Thomas Clements enjoyed his first Panathlon victory in 2006, as a pupil at Marjorie McClure School in Bromley, South East London
During his Panathlon playing career, Thomas skills and self confidence improved year on year, due to the Panathlon Challenge inclusive approach. He ended up being the team captain and leading his school to success in winning the South London title at Crystal Palace.
Since competing in his first Panathlon event as a child eight years ago, he has become a great role model to the children in his school, having gone on to achieve even more success in coaching.
Panathlon competitor-turned-coach Thomas, re-visited the competition this June as Panathlon held its annual multi-sport final. Thomas and the team from Bromley took to The Copper Box Arena in London’s Queen Elizabeth Olympic Park aiming to be crowned Panathlon Champions 2014.
Thomas’s main role is coaching the Table Cricket team, an event in which his team and borough stormed to victory at the Copper Box, gaining a 3rd place finish overall in London.
Thomas said: “It’s great to coach the team to success, especially at a Paralympic venue.”
Thomas was able to personally identify with the children, and had only praise for Panathlon and the competitive encouragement it once gave him. He said: “When I was younger I couldn’t wait for the Panathlon events, they were the highlight of my year. I loved competing against other students and being part of a team with other schools.
“Panathlon has given me the confidence to go on and do so much. It holds a place in my heart and I love sharing my experience and knowledge with the children I now coach. My teacher Guy Wilkins was an inspiration to me and I hope I can be the same to my students.”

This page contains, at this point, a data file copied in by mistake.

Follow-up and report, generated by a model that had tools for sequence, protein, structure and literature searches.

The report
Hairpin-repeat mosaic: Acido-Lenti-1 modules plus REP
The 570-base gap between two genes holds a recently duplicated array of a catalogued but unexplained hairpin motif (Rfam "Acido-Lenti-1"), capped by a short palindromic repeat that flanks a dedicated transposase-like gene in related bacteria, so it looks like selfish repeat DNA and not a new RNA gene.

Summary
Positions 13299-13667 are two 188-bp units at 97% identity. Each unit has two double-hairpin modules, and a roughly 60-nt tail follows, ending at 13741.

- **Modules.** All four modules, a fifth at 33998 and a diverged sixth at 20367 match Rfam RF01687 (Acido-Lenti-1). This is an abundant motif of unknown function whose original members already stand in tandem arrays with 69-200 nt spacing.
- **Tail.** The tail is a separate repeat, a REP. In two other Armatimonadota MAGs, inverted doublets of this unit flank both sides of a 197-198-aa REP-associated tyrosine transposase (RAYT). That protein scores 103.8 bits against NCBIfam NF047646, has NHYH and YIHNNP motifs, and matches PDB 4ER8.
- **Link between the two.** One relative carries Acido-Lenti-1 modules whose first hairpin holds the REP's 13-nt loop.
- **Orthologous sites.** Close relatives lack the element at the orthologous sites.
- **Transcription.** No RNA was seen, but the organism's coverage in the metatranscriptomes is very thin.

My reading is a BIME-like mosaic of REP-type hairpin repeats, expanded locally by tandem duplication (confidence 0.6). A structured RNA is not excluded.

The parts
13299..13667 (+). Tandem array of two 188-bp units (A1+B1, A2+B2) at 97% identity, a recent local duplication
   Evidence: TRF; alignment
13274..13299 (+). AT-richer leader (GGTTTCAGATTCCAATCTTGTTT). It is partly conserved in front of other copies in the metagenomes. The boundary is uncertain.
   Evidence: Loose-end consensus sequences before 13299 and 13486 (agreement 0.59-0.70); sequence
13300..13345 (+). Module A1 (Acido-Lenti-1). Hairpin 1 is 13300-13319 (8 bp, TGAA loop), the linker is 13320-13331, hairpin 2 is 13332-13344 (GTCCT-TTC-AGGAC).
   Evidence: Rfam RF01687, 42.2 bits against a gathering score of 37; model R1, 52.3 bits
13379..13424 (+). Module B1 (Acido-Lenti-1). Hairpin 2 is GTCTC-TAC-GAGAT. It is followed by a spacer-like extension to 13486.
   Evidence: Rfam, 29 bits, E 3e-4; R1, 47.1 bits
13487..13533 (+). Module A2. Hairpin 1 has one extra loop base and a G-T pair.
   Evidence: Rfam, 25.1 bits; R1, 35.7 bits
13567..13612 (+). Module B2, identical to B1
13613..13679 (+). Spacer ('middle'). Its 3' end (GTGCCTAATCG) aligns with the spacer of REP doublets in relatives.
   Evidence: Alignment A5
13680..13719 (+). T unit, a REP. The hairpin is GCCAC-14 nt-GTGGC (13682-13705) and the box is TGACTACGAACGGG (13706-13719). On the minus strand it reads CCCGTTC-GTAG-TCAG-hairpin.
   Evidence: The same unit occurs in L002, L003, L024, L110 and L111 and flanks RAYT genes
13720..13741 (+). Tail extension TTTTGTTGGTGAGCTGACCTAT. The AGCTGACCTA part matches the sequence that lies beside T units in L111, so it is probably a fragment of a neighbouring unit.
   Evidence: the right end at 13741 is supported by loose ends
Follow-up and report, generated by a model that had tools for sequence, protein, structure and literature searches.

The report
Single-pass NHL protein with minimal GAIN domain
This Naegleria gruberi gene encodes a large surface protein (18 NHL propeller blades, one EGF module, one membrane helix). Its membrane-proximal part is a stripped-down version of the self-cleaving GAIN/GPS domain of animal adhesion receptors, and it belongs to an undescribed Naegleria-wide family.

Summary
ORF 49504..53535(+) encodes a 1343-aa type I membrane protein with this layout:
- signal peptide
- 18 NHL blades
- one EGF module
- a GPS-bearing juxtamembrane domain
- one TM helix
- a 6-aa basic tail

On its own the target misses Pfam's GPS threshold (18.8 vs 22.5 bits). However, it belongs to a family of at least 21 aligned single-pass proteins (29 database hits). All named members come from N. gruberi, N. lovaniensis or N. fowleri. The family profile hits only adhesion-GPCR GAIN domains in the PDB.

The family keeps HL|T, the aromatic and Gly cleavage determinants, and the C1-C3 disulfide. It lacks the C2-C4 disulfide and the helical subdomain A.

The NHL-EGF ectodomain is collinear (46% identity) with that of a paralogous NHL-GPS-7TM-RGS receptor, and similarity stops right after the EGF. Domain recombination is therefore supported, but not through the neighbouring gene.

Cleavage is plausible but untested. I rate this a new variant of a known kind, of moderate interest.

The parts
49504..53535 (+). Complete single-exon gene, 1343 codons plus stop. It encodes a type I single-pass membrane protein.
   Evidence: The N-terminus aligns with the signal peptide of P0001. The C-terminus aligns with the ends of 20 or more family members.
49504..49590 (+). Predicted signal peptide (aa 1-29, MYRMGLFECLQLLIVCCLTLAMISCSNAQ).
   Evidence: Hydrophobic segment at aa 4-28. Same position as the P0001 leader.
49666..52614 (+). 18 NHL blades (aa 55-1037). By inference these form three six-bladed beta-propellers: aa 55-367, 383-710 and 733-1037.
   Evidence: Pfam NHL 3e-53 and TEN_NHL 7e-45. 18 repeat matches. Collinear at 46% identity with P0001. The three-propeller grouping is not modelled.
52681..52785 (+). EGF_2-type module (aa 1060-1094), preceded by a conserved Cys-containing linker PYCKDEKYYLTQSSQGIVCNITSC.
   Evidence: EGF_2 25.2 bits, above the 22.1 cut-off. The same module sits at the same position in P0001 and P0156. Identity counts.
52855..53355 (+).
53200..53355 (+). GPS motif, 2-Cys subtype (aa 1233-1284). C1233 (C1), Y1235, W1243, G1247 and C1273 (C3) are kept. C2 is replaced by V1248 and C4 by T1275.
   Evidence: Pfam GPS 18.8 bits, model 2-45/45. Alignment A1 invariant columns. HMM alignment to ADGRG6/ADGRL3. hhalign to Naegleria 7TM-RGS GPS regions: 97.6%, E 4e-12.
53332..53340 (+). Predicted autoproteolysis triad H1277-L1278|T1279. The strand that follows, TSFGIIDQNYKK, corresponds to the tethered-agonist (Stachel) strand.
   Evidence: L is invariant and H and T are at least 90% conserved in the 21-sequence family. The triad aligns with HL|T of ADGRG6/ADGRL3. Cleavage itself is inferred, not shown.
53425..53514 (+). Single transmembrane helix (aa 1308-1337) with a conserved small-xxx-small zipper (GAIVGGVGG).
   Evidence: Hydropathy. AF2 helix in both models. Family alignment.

He has now moved to Bromley College but continues to volunteer at Marjorie McClure every Friday. He is a qualified level 1 F.A. coach and so has now become part of the Panathlon funded coaching team in school. He coached and managed the under 13 team which won the heat earlier this year.
Guy Wilkins, a teacher at Marjorie McClure Special School, was keen to reminisce over Thomas’ Panathlon journey.
“I remember him as a 6-7 year old when he came to the school – he was not a good sport at all, hated losing, still doesn’t like losing, but he’s coped with both success and failure.
Through Panathlon and he’s now sending the message of being a good sport to others.”
Clearly proud of his achievements, Guy added: “Tom was a Sports leader, he embraced that as he went through school – he’s now a qualified Level 1 Football coach, running the after school sports clubs as a volunteer and looking to gain a Level 2 qualification.”
Guy’s final words were full of gratitude for the values Panathlon instils in competitors like Thomas.
“He’s a really good coach, with a set of values behind him – parallel to Panathlon’s own value structure – determination, courage, personal best and friendship